Who was Herod? Like a “Kennedy,” a “Bush” or a “Clinton,” Herod was a member of a dynastic “ruling class” in first century Jewish society; “Herod” was more like a title than a personal name. As such, his affections and affinities were less for his religion (Judaism) and more for his position of power and prestige. This meant that while “personally” he may have been Jewish, politically, he was a pawn and a sycophant to his pagan overlord, Caesar Augustus, and blended his faith (such as it was) with that of the polytheistic, and idolatrous, regime of the Roman empire. For proof of this spiritual compromise, we need look no farther than his building and dedicating an entire city, and this massive aqueduct to support it, to Caesar himself.
You might say that Herod had no choice; after all, the Roman Empire was truly an impressive (frightening) marvel of the ancient world. (Check out this beautiful and detailed clickable map, here.) But surely Herod went beyond merely “going along to get along” when he built Caesarea, its harbor, and the aqueduct. Here’s how one scholarly article puts it:
In 21 BC King Herod commissioned the construction of a large, all-weather harbour at Caesarea Maritima, which he named Sebastos in honour of Augustus Caesar (Fig. 1A). The harbour took more than five years to construct and when completed was the largest artificial harbour of its time in the Mediterranean (Raban, 1992).
Besides being a treasure trove for science-history geeks (I am not, but aspire to be one), the construction of this massive structure was not only an act of religious devotion (which I’ve already argued), but nothing short of an expression of sheer genius by ancient engineers. This Wikipedia-like essay (but not Wikipedia) on the history and construction of the city and the structure, though not fancy, is actually quite a good source of information; notice the visual diagram provided on how much ash would have to have been imported to this area. (Note also that it cites forty-five different sources for the basis of its conclusions.)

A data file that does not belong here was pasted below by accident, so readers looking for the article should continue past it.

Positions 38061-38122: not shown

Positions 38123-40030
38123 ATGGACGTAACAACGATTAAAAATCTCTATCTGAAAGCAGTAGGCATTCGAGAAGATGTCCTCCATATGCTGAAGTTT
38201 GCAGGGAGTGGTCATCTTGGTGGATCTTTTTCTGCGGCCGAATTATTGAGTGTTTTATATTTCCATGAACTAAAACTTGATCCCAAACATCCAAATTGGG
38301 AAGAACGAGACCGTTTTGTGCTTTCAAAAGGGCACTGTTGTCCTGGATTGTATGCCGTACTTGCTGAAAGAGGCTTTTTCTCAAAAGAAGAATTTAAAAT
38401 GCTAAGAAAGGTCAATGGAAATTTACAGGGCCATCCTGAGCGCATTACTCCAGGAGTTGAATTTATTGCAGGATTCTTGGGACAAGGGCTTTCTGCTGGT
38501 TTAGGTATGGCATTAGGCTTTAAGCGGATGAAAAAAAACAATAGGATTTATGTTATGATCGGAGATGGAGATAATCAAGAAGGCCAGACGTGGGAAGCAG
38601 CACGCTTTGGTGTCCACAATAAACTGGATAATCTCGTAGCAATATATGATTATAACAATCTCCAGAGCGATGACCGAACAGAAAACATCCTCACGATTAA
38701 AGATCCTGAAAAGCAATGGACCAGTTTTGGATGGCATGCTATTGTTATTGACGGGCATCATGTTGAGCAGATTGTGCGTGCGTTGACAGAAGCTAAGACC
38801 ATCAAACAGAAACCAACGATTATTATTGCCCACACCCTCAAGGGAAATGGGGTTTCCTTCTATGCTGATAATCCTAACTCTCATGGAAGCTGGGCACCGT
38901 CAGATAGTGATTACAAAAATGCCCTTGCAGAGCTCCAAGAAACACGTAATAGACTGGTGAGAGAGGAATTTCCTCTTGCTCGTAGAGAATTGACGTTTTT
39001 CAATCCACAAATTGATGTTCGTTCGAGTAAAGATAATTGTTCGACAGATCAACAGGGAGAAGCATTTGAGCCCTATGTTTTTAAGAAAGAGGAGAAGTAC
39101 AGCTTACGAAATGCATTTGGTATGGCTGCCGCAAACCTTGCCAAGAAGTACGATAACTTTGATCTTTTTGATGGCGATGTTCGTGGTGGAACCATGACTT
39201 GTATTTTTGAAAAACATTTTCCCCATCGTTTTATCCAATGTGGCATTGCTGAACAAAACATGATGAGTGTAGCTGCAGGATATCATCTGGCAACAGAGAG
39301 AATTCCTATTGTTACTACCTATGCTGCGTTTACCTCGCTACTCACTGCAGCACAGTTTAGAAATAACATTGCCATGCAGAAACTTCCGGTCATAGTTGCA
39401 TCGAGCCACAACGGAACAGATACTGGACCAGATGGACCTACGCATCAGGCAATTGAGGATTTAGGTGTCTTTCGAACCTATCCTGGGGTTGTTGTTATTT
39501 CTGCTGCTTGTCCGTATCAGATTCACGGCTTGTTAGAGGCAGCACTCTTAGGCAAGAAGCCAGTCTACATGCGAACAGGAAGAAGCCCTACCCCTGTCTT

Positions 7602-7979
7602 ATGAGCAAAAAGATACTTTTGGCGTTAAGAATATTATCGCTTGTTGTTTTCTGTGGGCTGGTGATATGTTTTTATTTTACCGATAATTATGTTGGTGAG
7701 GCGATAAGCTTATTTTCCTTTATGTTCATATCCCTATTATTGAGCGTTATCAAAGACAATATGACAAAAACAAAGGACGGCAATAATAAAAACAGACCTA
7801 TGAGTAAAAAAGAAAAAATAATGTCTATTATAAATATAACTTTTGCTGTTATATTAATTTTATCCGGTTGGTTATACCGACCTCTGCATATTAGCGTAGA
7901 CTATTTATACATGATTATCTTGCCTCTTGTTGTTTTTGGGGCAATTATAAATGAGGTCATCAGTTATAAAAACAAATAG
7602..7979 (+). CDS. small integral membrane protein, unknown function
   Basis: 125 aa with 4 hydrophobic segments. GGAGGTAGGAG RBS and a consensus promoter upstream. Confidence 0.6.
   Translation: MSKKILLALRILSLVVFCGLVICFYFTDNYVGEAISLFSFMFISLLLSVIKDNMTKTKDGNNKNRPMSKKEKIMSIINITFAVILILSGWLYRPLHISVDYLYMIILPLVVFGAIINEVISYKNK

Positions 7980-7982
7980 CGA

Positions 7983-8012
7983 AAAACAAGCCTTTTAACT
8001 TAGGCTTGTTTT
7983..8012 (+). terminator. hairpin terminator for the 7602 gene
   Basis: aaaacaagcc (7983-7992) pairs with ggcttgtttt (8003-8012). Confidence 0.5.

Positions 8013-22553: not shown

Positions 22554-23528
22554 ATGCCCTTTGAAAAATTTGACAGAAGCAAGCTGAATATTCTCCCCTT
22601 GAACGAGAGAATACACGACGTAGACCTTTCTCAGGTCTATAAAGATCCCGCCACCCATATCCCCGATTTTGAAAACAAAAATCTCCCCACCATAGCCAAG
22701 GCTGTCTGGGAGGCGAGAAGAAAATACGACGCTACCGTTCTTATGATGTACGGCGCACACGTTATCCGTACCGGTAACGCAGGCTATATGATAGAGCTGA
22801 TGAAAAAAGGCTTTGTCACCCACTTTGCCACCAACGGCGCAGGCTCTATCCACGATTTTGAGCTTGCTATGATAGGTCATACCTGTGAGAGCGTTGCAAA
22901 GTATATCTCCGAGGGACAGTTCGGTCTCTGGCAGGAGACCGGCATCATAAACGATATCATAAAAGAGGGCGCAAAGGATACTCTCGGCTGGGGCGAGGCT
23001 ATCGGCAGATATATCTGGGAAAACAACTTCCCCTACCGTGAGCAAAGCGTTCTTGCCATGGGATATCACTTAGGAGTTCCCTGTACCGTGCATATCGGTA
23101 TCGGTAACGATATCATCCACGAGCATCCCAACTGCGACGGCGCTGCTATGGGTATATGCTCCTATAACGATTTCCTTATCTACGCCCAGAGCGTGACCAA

History, in short, is important for those who would read and benefit from their reading of the Bible. Take, for example, this essay on the historical significance of ancient Caesarea. Filled with highly detailed information and clear, annotated pictures, we learn about a city of which it is likely, truth be told, most evangelical Christians are largely ignorant. Which should be surprising considering how important it is in the Bible and in the Early Church–the list of Bible references for this city is not short! For example, Jesus, Philip, Peter, Paul, Origen, Eusebius all have significant events that are centered in, or related to, this city.
For example, the author of this article, Stephen Languor, argues because of the conversion of the famous Cornelius in Caesarea,
[in] Acts 10, the first breakthrough [for the spread of Christianity] occurred in Caesarea. From here, we can say, the faith in Jesus went out to the ancestors of present-day Christians.
[t]he irony is that the great harbor city which Herod built as his chief point of contact with Rome (those breakwaters in the form of arms reaching out) became the initial point of contact between the faith in Jesus and the world.
Speaking of history, this great structure, and Herod’s involvement in it, along with the importance that Caesarea plays in the biblical record, reminds me of the importance for Christians generally to be aware of the history of our religion. Especially in a post-modern, individualistic, naîve, and skeptical day and age, one in which “if it is true for you doesn’t mean it needs to be true for me,” history can afford Christians a point of common ground. Not that everyone agrees on historical approaches or conclusions–far from it. But at least we can use history as a starting point for talking about ultimate issues.
For example, Caesarea and its significance for Christianity would seem to be a great starting point to discuss this skeptic’s view that “Jesus never existed.” While the article proves that he’s done some fundamentally sound research, and has raised some important questions, he certainly hasn’t proven his point; and even an elementary reading of the essay shows that he’s moved more by his own bias than a true examination of the historical record.
In conclusion, let’s not give up reading the Bible. But let’s also remember that the Bible was written in an historical context which deserves to be known, understood, and celebrated. Our faith will be richer, and more compelling to share with others who have not yet professed their faith in the Savior who, in history, on the third day, actually rose from the dead.
Appendix: Other resources for those interested in learning more:
a bibliography (very extensive) from the archives of Brown University’s The Joukowsky Institute for Archaeology and the Ancient World, on Herod
An article in the Chicago Tribune: (which cites the NYT as the original source)